AQHA European Championship Starts Despite Infectious Outbreak Fears
The 2015 AQHA European Championship kicked off on Friday with several classes including the trail and reining. However, many trainers and exhibitors decided to stay home due to an outbreak of Infectious Anemia in Bavaria, the German region where the show is held. Chatter on social media increased fears and concerns throughout the European Quarter Horse community.
“It is terrible that so many cancelled and are not attending the European Championship even though, according to experts, there is no higher risk of infection than there has been in the last couple of years,” says Boris Kook, the show announcer. “However, those exhibitors who have decided to stay here in Kreuth are having a jolly good time. Everybody is relaxed and smiling, we had a great time at the BBQ last night. It may very well be the smallest European Championship ever, but definitely the most relaxed.”
FEQHA-Vice President Marco Stors stated that, “Since the official county veterinarian does not see any reason right now to stop the European Championship Show because of health reasons, it is my opinion to have the European Championship taking place as planned. Of course, there had to be different restrictions and requirements. Show management and the county veterinarian from Amberg have done a commendable job in communication and collaboration.”
“We continue to do everything to provide the best show possible and want to make everybody feel very welcome,” says show manager Micky Kayser.
The Government Appointed Veterinarian of Belgium, Dolf Desmedt, owner of European Champion, Get Some Sleep, said that he decided to attend the show due to information provided by the German appointed veterinarian. “From my experience as a state veterinarian, I know that these government officials must follow extreme and strict procedures to determine whether or not there is an inherent risk to the horses arriving and competing at the European Championships,” Desmedt said. “It’s with this information I have confidence that my own horses will be as safe as they can possibly be. It is my feeling, there has been a severe lack of education around this matter and a lot of panic has been created through the use of social media. At the moment, I will continue to participate in the show and enjoy my time in Kreuth. As a past Olympian, International competitor and a professional veterinarian, I am very confident to be here.”
GoHorseShow spoke with Alexandra Jagfeld of Jagfeld Quarter Horses whose group collectively decided to not attend this year’s show. Jagfeld said that she heard about the outbreak fears on the internet and radio.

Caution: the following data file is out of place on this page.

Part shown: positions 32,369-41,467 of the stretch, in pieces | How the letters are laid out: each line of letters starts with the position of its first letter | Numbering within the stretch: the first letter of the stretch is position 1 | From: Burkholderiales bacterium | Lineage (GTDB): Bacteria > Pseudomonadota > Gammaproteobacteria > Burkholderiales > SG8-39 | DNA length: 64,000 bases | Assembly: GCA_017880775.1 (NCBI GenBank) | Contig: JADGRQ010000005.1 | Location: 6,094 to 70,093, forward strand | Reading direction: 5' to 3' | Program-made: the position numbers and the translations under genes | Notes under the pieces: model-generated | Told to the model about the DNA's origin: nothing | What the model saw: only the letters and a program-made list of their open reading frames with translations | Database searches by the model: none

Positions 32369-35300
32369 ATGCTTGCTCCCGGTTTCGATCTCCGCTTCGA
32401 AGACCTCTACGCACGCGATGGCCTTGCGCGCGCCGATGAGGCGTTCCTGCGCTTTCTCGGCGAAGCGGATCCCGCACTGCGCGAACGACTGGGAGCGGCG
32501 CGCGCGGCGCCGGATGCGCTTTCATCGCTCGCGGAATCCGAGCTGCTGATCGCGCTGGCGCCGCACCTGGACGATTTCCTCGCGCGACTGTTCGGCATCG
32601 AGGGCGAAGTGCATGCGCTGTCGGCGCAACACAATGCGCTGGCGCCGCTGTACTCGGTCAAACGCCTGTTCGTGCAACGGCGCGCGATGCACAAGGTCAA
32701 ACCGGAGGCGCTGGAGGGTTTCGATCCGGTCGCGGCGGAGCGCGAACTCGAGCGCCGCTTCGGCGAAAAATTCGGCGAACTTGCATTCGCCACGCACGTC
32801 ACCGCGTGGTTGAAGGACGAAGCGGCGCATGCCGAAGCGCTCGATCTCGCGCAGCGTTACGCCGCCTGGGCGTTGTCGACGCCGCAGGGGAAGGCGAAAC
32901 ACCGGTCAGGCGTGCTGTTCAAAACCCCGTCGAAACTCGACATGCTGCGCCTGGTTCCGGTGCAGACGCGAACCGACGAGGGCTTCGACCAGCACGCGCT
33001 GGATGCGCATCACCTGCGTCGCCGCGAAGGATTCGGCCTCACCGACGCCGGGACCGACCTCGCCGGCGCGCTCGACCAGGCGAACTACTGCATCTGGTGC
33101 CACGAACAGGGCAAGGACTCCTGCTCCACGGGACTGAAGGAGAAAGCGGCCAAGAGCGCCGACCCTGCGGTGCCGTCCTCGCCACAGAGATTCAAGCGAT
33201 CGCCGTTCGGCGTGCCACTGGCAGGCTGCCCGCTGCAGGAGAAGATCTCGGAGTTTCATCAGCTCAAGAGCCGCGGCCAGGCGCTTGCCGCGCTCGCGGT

“At the time we arrived at the fairgrounds (on Tuesday), they told us that we were only allowed to unload the horses with a health certificate or our horses had to stay in quarantine stalls. This situation gave us a bad feeling,” Jagfeld recalls. “But, we still decided to set up our stall decorations. In that time, we made some phone calls. We called the state vet of Amberg and they told us that for right now there is no risk and that the area is clean. We called the state vet of Schwandorf and they told us that they had two positive tested horses in their area. We called several vets, and they told us that the danger that one of our horses getting infected was low.”
Jagfeld continues, “Out of this situation we decided that our customers should make their own decision. They all came to conclusion that they didn’t want to even take a small risk. For sure there is always a risk competing at a horse show or being somewhere else, but there is a difference if you know about a problem.”
Jagfeld said that she has been competing at the European Championships since she was five years-old and did not want to miss this one. “We love our horses and our sport and it’s important to make it grow. It hurts to read on Facebook that everybody who went back home or decided to stay home wants to ruin the show or the show management or that we want to keep people away from competing. Everybody is responsible for themselves and need to make their own decisions.”
Despite these setbacks, The European Championships continue through August 16th and features some of the top quarter horses in Europe. For more information about the show, please visit their Facebook page by clicking here or click here for their website.